Communicating the presence of micro-pollutants in drinking water: Understanding the affect heuristic to reduce the consumption of bottled water
Packaging and transport of bottled water require large amounts of energy and lead to much CO2 emissions. In countries with high-quality tap water, such environmental burden is not justified. However, many people are reluctant to consume tap water due to the presence of micro-pollutants – substances in extremely small concentrations. In Switzerland, water providers have to inform their consumers about such micro-pollutants and the study investigates how this reduces trust in tap-water quality. In 2013, 828 participants in Zurich (Switzerland) filled out a questionnaire that gathered data on psychological constructs before and after one of 12 different messages on a hypothetical contamination. Linear regressions show that it is mainly the affective reactions to the messages that determines the deterioration of perceived quality, which in turn determines the reduction in trust. Affective reactions are less negative, if trust before risk appraisal is higher. However, besides this positive effect, persons with high levels of trust before risk appraisal show higher reductions in perceived quality and trust. How the information is presented has significant but only small effects. We conclude that people use the affect heuristic when evaluating the risks from micro-pollutants and, thus, messages should mainly be designed to reduce negative affective reactions.
Commitment through consumer monitors in promoting the reuse of clothes: Environmental education in collaboration with environmental NPO
H. Maeda & Y. Hirose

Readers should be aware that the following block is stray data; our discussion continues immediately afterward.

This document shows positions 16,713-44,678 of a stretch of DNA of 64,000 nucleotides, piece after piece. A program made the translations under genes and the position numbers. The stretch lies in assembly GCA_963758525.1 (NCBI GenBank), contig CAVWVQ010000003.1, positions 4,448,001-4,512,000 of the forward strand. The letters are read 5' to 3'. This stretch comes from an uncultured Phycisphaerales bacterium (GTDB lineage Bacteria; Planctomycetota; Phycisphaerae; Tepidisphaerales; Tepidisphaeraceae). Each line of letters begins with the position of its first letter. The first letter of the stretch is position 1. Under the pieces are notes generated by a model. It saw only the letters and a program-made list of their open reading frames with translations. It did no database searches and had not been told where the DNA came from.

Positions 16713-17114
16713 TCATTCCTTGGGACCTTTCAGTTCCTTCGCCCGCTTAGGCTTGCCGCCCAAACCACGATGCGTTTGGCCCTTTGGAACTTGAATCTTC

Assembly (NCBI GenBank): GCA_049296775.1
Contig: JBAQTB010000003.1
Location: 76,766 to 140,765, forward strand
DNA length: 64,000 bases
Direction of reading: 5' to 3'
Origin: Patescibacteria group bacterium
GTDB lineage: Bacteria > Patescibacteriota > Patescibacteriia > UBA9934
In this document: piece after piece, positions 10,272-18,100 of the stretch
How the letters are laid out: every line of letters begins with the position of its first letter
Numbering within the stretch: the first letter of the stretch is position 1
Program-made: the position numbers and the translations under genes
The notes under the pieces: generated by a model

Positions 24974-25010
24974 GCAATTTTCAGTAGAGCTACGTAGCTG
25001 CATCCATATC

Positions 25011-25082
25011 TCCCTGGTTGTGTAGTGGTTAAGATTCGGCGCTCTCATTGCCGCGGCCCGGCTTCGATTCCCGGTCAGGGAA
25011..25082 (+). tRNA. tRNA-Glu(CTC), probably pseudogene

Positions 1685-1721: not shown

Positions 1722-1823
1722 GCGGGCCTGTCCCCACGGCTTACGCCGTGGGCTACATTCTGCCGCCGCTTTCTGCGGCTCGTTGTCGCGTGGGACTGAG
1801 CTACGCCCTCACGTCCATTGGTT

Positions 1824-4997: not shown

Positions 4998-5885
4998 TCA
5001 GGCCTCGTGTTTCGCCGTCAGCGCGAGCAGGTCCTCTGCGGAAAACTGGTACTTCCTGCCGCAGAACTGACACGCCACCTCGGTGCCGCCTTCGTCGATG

We examined the effectiveness of environmental education programmes in the reuse of clothes; specifically, in the donation of unnecessary clothes and purchase of used clothes. The programme was conducted in 2012 in collaboration with an environmental NPO in Nagoya. We provided information to consumer monitors about the reuse system managed by the NPO and asked them to discuss ideas for resolving factors that prevent people from reusing clothes. The programme was based on the two-phase model of environmentally conscious behaviour (Hirose, 1994). We administered a questionnaire survey three times: T1 (a week before the programme) as a pre-survey; T2 as the first post-survey (promptly after the completion of the programme); and T3 as a second post-survey (one and a half months after the programme). The results were as follows: (1) Half of the participants bought used clothes from thrift shops operated by the NPO after the programme, and their frequency of purchase of used goods increased; (2) half of the participants demonstrated initiative by recommending their family or friends use reuse stations and thrift shops; and (3) the correlation between evaluations of social norms and reuse behaviour increased. The present study suggests that commitment through consumer monitors encourages reuse behaviour.